Dementia and the Slide



Guest Blog:


Norrms Mc Namara

Founder of Global Purple Angel dementia campaign and also diagnosed with dementia





If you are about my age, 60+ you may well remember the slides in the playgrounds of our youth were about 20 feet + high, for anybody aged 45 and under, I believe that’s about 6 and a half metres.

We had no such thing as health and safety in those days but what we did have was good old common sense, remember that?? - Much missed these days.


Its only when you get older and start to reminisce you start to compare it to other things, for instance? Dementia and the Slide

The steps up to the top of the slide were many and multiple, a bit like the years of your life, quick to run up at first then a bit slower and out of breath when you reach the top, but once there you looked around you felt like the king of the world!!

You could breathe;you could see things clearer and also, almost see the future right in front of you.

This is similar to when you’re at the top of your game, both in work and in family life and all is well with the world, but then as you step onto the slide you notice something’s not quite right and you start to have doubts, ie. the beginning of dementia.


All you had known and done suddenly doesn’t seem as certain anymore and the confidence you were full of, not long ago, is starting to ebb away. You hesitate and look down, my goodness it seems a long way down, it starts to cloud over and go dull, and yet you know you want to slide down this wonderful slide of life as you have many times before, but you’re scared, for the first time in a long time you feel scared (this is when it dawns on you that you have this awful disease).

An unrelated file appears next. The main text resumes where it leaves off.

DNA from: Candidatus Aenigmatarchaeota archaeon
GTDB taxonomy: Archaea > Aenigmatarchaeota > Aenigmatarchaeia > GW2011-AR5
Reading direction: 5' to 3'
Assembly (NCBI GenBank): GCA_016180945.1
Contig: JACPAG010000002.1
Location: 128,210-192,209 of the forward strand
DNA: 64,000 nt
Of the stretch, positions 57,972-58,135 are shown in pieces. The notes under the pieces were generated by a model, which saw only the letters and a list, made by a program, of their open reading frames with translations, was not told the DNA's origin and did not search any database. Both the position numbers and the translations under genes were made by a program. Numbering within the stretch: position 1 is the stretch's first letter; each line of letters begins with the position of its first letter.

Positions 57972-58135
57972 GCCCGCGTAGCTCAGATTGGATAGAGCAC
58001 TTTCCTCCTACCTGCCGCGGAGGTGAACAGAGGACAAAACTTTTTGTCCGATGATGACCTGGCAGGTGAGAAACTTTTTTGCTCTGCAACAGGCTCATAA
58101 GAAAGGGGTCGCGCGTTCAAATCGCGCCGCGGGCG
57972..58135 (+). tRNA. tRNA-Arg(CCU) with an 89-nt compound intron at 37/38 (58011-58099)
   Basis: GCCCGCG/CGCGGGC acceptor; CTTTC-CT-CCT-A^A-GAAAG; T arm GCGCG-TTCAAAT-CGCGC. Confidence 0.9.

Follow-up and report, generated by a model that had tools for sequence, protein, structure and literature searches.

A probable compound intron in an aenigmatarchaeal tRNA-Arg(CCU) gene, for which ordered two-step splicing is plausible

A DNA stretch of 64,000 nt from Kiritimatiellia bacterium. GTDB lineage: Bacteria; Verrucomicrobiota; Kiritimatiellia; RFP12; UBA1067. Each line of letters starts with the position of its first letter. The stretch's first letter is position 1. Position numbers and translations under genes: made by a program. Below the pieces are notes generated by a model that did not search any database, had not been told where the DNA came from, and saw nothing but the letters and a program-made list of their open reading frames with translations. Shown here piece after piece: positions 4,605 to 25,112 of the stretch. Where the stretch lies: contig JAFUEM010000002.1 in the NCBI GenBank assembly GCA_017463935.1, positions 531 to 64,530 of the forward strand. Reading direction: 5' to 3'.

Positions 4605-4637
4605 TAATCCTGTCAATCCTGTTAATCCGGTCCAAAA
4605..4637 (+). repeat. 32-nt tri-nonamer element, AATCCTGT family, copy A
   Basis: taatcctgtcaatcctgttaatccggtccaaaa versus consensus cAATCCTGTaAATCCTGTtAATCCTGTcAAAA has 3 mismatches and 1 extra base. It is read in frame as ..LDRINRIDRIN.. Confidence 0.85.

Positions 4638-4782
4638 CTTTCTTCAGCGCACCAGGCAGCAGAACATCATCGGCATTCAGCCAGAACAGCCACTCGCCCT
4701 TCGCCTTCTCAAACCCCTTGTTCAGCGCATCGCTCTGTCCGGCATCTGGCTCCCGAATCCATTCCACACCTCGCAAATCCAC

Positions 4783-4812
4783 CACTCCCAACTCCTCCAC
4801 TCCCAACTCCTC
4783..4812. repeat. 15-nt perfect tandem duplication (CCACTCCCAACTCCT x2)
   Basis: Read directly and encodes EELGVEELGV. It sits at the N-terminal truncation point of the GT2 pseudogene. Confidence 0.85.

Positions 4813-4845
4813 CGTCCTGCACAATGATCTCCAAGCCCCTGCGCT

As you sit and stretch out your (now shaking) legs on the slide you hold onto the bars at the top for dear life as you can feel someone behind pushing you downwards and shouting "LET GO", it will be ok, but you know, deep down, it won’t and you know by now that’s the voice of dementia trying to drag you into the abyss.


Then suddenly, as with dementia you start to slip and slide down the slide but stuttering and stopping as you go as if you are going through the different stages of dementia, your hands scratch at the sides and your fingers hurt as you try to stop yourself from slipping further and further down into dementia's evil den. Your shoes are flat down on the surface, doing everything you can to slow down your descent.


You have never worked as hard in your life as you’re doing now, trying to stop this awful downwards ride. You scream in fright as the end gets closer and closer, and then, just near the end you start to speed up as you realise all is lost and you have come to terms with what’s about to happen, only hoping that all who know and who have travelled down this slide with you during happier times, remember the boy who took his very first step on the ladder of THE SLIDE OF LIFE.


I hope you never take the slide when your older and try to remember all the good times when you were younger.


Best wishes,

Norrms

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